This was the best trip I’ve been on in a while, enjoyed with close friends and set at a pace that left time to explore and go where the wind took us. And the best part? It didn’t kill us. We weren’t sore or exhausted by the end of each day. We woke refreshed each morning when we felt like it — ready to meander. No pressure to crush miles or see the best sites. Free to enjoy the present. I highly recommend a trip like this, there are so many benefits. It’s good for the soul. I think in our fast-paced world, we forget to slow down sometimes. On Day 2, as we were making our way to camp, I saw a sign that said “Drive like your cows live here.” and it was just so perfectly “Vermont”. Slow down, live in the present, and please — don’t hit any cows.

 


Tips for Your Own Bikepack Trip (For beginners and experts!):

Make a route/Download maps

While this trip wasn’t planned down to the nitty-gritty, some planning was required. Strava.com, Google Maps and Komoot were extremely helpful with mapping our routes and getting us back on route when Strava was off (which is often if you know and use Strava). Having all three available was key to navigating some roads without cell service. Make sure you bring along a charging brick to keep your phone or whatever you’re using to navigate fully charged.

Dial in your Kit

Racks/Bags: Between the three of us, we each had very different packing styles and preferences. Mike had two racks on his bike and used two Swift Industry Junior Ranger Pannier bags in the front and strapped his sleeping bag in a dry bag to the back rack. He also carried the tent we shared, the Dragonfly™ Bikepack 2P, which he attached to the bottom of his saddle. The Bikepack 2P’s stuff sack has helpful daisy chains on the outside and offers a variety of attachment points for different packing options. The best place to put the tent is definitely on the handlebars. Charles had the Dragonfly™ Bikepack 1P and attached his there as well — along with some other bags. I had one front rack on my bike with two Swift Industry Junior Ranger Panniers, a small handlebar bag, and a medium-sized saddlebag. Charles used his handlebars primarily for most of his gear and had a small saddlebag. I think we were all maxed out in terms of packing space in bags we brought so not carrying a ton of food worked out well. If we had wanted to carry food on this trip, we definitely would have needed to add one more bag somewhere on the bike. For me, that probably would have had to be a frame bag or I would have needed to add another rack in the back. Our setup was definitely ideal as it helped keep the bikes light-ish.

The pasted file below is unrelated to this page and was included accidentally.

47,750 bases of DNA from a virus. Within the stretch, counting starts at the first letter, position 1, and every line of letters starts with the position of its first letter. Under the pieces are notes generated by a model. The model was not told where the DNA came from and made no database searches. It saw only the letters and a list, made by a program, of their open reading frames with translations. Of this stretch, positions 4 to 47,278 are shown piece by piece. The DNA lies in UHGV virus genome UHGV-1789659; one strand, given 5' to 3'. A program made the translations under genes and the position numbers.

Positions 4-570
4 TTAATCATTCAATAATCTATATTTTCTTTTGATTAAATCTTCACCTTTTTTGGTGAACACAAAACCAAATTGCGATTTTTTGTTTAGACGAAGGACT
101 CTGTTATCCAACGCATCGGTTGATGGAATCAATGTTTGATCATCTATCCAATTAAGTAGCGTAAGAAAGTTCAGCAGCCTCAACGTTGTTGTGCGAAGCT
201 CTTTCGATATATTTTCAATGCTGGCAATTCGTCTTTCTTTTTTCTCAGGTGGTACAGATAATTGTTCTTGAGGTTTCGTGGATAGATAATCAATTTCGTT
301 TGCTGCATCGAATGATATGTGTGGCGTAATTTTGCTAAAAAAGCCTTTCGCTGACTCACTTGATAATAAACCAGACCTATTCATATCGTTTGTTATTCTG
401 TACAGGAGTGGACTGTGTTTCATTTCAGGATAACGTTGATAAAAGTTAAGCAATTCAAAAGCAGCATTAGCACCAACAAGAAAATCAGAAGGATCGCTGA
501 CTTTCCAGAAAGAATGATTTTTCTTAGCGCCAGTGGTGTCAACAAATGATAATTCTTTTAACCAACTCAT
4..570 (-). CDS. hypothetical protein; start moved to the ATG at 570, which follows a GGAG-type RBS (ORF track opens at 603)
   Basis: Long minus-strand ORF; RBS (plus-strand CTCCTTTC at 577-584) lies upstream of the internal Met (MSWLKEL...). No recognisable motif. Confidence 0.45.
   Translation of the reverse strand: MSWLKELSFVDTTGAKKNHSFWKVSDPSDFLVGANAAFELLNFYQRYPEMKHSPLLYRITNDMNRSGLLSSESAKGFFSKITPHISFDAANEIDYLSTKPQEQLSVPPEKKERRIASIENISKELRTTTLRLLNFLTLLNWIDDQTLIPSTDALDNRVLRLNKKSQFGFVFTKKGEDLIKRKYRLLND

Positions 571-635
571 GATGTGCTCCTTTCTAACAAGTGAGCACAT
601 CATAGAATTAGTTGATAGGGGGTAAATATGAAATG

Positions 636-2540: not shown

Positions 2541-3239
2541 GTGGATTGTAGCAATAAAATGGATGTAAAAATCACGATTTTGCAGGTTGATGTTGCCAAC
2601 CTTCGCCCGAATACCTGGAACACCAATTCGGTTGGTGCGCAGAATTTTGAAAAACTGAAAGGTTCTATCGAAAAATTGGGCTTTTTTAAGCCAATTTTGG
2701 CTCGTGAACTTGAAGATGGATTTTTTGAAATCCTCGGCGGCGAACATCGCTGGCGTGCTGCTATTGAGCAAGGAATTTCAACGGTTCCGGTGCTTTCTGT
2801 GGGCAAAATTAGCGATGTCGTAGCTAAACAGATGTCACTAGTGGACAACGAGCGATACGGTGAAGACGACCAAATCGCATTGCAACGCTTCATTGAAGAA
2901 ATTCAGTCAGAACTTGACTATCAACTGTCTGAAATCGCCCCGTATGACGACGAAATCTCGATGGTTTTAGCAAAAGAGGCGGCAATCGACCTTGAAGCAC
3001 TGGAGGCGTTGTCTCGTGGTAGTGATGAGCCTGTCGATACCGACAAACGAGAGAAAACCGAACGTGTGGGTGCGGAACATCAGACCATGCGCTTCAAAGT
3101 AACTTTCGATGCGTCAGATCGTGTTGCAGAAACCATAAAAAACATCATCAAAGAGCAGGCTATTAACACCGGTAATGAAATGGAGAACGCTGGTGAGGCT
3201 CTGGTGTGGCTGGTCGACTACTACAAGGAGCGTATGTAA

The Dragonfly™ Bikepack really is the perfect companion. to any bikepacking adventure.

Sleep system: I used a NEMO Rhumba™ 15 degree bag (now the Disco™ Women’s 15 Regular) and a Quasar™ 3D Insulated Regular pad and I was very comfortable. Two Quasar™ regulars fit perfectly in the Dragonfly™ Bikepack. We could have gone lighter and brought along the NEMO Tensor™ but as a side sleeper I prefer the 3D baffling of the Quasar™, it’s just a more comfortable sleep system for me and I think the extra weight and pack size is worth it. Oh and the Fillo™ Elite pillow, packs down so small and definitely worth packing for extra comfort as a side sleeper.

Mike’s setup.

Bring what you need: This goes along with dialing your kit. Packing for a trip is a skill — one that is refined and perfected as you go on more trips and learn what you use the most, what you’re missing, and what you didn’t use at all. My best recommendation is to keep it light, and really think about whether you need that item when you’re packing. I’m still perfecting this and have a hard time not packing the kitchen sink, but I’m WAY better at it than I used to be. Check a weather report to get the best idea of temperatures and whether it’ll rain or not to build out clothing needs.
Mileage: As I mentioned, I think we really nailed the mileage on this trip. 30 to 35 miles a day was actually still a good amount of mileage with a good amount of climbing. You don’t have to kill yourself with 50 mile days. Heck, you could go even lower too! 20 miles doesn’t sound like a lot but you can really stretch that out if there are unique places to see along the way. This was my second bikepacking trip. I bike a good amount over the year. I average about 30-70 miles a week during the summer and have done a couple centuries. If you’re a beginner cyclist and want to do a bikepacking trip, please do it! It’s a really cool experience, especially if you start with a trip like this one. Bikepacking sounds intimidating, but don’t let it scare you.

Make it your own! I can’t tell you the one best way to plan a trip, but I hope these tips help get you there!


The NEMO GO FAR (Get Outside For Adventure & Research) Program gears employees up and sends them out to spend time in interesting places in NEMO gear. We believe great design starts with real adventures, and are committed to making sure all NEMO employees get to experience it. Sam Rokos is the Senior Customer Service Guide at NEMO, loves to x-country ski, and is an aspiring triathlete.